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Analysis

Britain teeters into Brexit talks

by Paul Taylor | 16.06.2017

Theresa May’s minority government opens historic negotiations on withdrawing from the European Union on Monday ill-prepared, politically weakened and no longer so sure about what kind of Brexit it wants.

When Brexit secretary David Davis meets EU chief negotiator Michel Barnier in Brussels with just 19 months left until the deadline for Britain’s exit, the British camp will struggle to conceal its disarray after May lost her majority – and with it most of her authority – in this month’s bungled general election. She may still be in office, clinging on for now for lack of a challenger, but she is no longer truly in power and her Conservative cabinet is split on how hard or soft a Brexit to pursue.

Fortunately, the EU side has spared Britain from having to make early decisions on whether to stay in the single market or the customs union, permanently or for a transition period, by insisting on discussing the divorce settlement before the future relationship. May had set leaving both as red lines while seeking the closest possible trade ties with the bloc.

This gives the government extra time to reflect on how to minimise damage to the economy, and to consult the business community, lawmakers and even experts, if it is more willing to listen now than May was before the election. It also leaves senior ministers such as chancellor Philip Hammond and Cabinet Office first secretary of state Damian Green room to press for a softer Brexit with a long transition period – and perhaps for remaining in the customs union after all.

Hammond hinted today at divisions in government ranks when he said the UK would “prioritise” the economy and jobs in the negotiations and was open to suggestions from the EU about how to ensure this.  He further hinted at wiggle room by saying May’s commitment to take the UK out of the single market and customs union remained the “broad principles” of the UK’s position.

The EU corner is well prepared for the opening rounds. Barnier has a clear, if restrictive, mandate from the European Council and guidelines from the European Parliament that matter because EU lawmakers must ratify the outcome of the negotiations. He has sent detailed position papers to Britain in preparation, but the government has not sent the EU its position papers because of the post-election turmoil, according to the Independent.

Ministers have trailed an “extremely generous offer” on the rights of EU citizens in Britain, one of the three issues Barnier is mandated to discuss alongside a financial settlement of Britain’s obligations and the Irish border. If the offer guarantees all EU citizens living in Britain prior to Brexit an automatic continuation of the full rights granted to them by the EU treaty, including on healthcare and welfare, that would be a major step forward. But Barnier has flagged that there are many detailed issues that will need to be settled, including whether the European Court of Justice will continue to be the ultimate recourse for EU citizens seeking to uphold their rights in a post-Brexit UK, as Brussels wishes.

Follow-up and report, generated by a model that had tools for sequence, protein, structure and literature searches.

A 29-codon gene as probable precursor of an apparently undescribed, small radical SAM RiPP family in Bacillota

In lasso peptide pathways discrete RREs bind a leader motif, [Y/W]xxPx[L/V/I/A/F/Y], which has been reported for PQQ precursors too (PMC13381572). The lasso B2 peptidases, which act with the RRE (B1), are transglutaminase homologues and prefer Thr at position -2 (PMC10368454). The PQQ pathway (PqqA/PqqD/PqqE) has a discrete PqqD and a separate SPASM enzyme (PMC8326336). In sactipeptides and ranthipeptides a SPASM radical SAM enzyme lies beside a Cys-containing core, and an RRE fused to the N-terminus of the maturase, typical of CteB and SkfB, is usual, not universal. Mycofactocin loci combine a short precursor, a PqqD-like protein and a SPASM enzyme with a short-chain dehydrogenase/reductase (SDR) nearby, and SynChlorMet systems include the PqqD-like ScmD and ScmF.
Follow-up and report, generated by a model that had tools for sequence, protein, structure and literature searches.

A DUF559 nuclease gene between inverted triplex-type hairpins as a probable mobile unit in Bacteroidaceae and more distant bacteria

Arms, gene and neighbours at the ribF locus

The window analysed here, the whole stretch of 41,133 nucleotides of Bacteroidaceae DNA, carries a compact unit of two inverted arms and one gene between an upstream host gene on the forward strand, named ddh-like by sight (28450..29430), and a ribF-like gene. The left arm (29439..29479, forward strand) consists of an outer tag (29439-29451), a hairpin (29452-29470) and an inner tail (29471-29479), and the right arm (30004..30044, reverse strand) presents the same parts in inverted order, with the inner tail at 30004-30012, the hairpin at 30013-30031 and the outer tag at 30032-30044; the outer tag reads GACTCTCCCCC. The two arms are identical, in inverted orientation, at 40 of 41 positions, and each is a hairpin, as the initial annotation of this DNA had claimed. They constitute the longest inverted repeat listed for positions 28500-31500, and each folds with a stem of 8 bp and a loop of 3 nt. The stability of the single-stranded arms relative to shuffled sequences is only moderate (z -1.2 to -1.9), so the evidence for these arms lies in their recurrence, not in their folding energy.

On the exit bill, Britain’s position remains shrouded in mystery. The financial settlement was barely mentioned in the White Paper the government published in February. In public, hardline Brexiter ministers have resorted to bluster along the lines of “we don’t owe them anything”. Boris Johnson told the Daily Telegraph last month “the bill that’s been presented at the moment is absurd” and accused EU officials of trying “to bleed this country white”.

Barnier has said his brief is to achieve substantial progress on the principles of a financial settlement before moving on to discuss the framework for Britain’s future relationship with the EU and a possible transition period in a second phase.

EU officials say it’s not clear to them whether a weaker minority government, dependent on Ulster unionists for its parliamentary survival, will be more flexible and less wedded to a “hard Brexit”. They note that at least for now, May’s mantra of “no deal is better than a bad deal” has ceased. Whether her enfeebled administration is willing and able to negotiate the least harmful deal for the UK will probably depend on how the balance of domestic political forces plays out.

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Edited by Michael Prest

2 Responses to “Britain teeters into Brexit talks”

  • Meanwhile we have the self-confessed liar David Davis at the negotiating table. Doesn’t inspire any confidence at all. He’s just one of a number of so-called British Government ministers who are now international laughing stocks.

    Somebody should have the guts to stand up and say that the whole nonsense of Brexit is so very harmful to the country and to all its citizens, including Brexiteers who are still stuck in their la-la land of meaningless slogans such as “take back control”, that it should be called off and a good period of time allowed for the country and economy to get back to normal.

    • Somebody should have the guts to stand up to tell what nonsense Brexit actually is. I keep wondering just what it would take for that to happen!